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Lecture 8

Management and Organizational Studies 2181A/B Lecture Notes - Lecture 8: Centrality, Final Offer, Ingratiation


Department
Management and Organizational Studies
Course Code
MOS 2181A/B
Professor
Sarah Ross
Lecture
8

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William Xu MOS 2181A 21-11-2018
Lecture 8 Notes
Power and Influence
Power Is the ability to influence the behaviours of others and resist unwanted influence in
return. Just because someone has influence doesn’t mean that they exert it. Are you able to
deny a request? You can express may different types of power at the same time.
Organisational Power More formal in nature.
o Legitimate Power Power based on authority or position.
o Reward Power Based on control of resources or benefits.
o Coercive Power Based on ability to hand out punishment.
Personal Power Can be used in an organisational setting.
o Expert Power Based on expertise and knowledge.
o Referent Power Based on attractiveness and charisma of the leader.
Power and Influence is positive moderately correlated with Job Performance and Commitment.
Contingencies of Power
Substitutability Degree to which people have alternatives in accessing the resources that a
leader has control over. If you know something that other people know then you are
substitutable, while if you are the only one who knows stuff then you are not substitutable.
Discretion Degree to which managers have the right to make decisions on their own.
Centrality How important a person’s job is and how many people depend on that person to
accomplish tasks. How many people depend on you.
Visibility How aware others are of a leader and the resources that a leader can provide.
Key to strong leadership is low substitutability, high discretion, centrality, and visibility.

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William Xu MOS 2181A 21-11-2018
Lecture 8 Notes
Influence The use of behaviours to cause behavioural or attitudinal changes in others. Often
downward directional. Most successful upward technique is rational persuasion. Influence matters more
when it is relative to someone else rather than in an absolute sense.
Most Effective
o Rational Persuasion Use of logical arguments and hard facts to show that a request is
worthwhile. Using research to support proposed changes.
o Inspirational Appeals Appeal to one’s values and ideals to create an emotional or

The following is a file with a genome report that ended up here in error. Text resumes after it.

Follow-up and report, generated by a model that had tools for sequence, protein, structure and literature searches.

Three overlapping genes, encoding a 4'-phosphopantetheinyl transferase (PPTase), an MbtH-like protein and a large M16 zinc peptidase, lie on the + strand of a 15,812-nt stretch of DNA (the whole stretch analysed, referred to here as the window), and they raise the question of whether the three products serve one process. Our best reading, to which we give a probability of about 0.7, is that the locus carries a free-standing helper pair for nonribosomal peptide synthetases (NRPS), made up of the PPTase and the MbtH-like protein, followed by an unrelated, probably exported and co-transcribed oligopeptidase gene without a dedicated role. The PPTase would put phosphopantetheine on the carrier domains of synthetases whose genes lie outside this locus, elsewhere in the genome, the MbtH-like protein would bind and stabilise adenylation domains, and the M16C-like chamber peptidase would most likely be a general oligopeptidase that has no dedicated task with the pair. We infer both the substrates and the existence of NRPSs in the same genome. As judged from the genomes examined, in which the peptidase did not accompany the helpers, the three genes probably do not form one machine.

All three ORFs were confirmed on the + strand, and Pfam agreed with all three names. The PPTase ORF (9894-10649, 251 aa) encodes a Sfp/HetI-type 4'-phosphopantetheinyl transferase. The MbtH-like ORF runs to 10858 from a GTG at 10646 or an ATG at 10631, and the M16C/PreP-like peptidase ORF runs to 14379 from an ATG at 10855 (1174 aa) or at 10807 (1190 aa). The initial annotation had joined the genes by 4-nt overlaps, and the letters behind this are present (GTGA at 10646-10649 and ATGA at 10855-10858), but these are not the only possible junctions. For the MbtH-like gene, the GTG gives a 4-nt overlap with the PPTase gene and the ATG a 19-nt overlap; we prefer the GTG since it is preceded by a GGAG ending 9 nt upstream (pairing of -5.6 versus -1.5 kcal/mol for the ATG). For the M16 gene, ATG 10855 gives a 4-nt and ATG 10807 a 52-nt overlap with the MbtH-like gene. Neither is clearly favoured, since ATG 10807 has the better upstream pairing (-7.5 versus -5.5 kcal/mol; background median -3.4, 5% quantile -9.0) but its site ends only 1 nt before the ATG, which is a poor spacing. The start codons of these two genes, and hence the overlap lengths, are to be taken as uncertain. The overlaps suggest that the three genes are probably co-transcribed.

attitudinal reaction. Using morals and values to support proposed changes.
o Consultation Target can participate in deciding how to carry out a request. Allowing
something to have input in how the request is fulfilled.
o Collaboration Leader makes it easier for the target to complete request by offering to
work with and help the target. Providing help for to the person fulfilling the request.
Moderately Effective
o Ingratiation Use of favours, compliments, or friendly behaviour to make the target
feel better about the influencer. Works in the long term, however it can be looked upon
negatively if made right before a request.
o Personal Appeals Requestor asks for something based on friendship or loyalty. The
friendlier you are with someone the more likely they are to fulfill your request.
o Exchange Requestor offers a reward in return for performing a request.
o Apprising Requestor clearly explains why performing the request will benefit the
target personally. A kid alphabetising a pile of exams will be better at alphabetising.
Least Effective
o Pressure Tactic in which the requestor attempts to use coercive power through
threats and demands. Do something or you’re fired.
o Coalitions Influencer enlists other people to help influence target. Using a group to
pressure someone into submission.
Responses to Influence Tactics
Internalisation Target agrees with and becomes committed to the request. The goal of the
organisation. Changing behaviours and attitudes.
Compliance Target is willing to perform request but does so with indifference. Changing your
behaviours but not your attitude.
Resistance Target is opposed to request and attempts to avoid doing it. Rejecting the request
completely.
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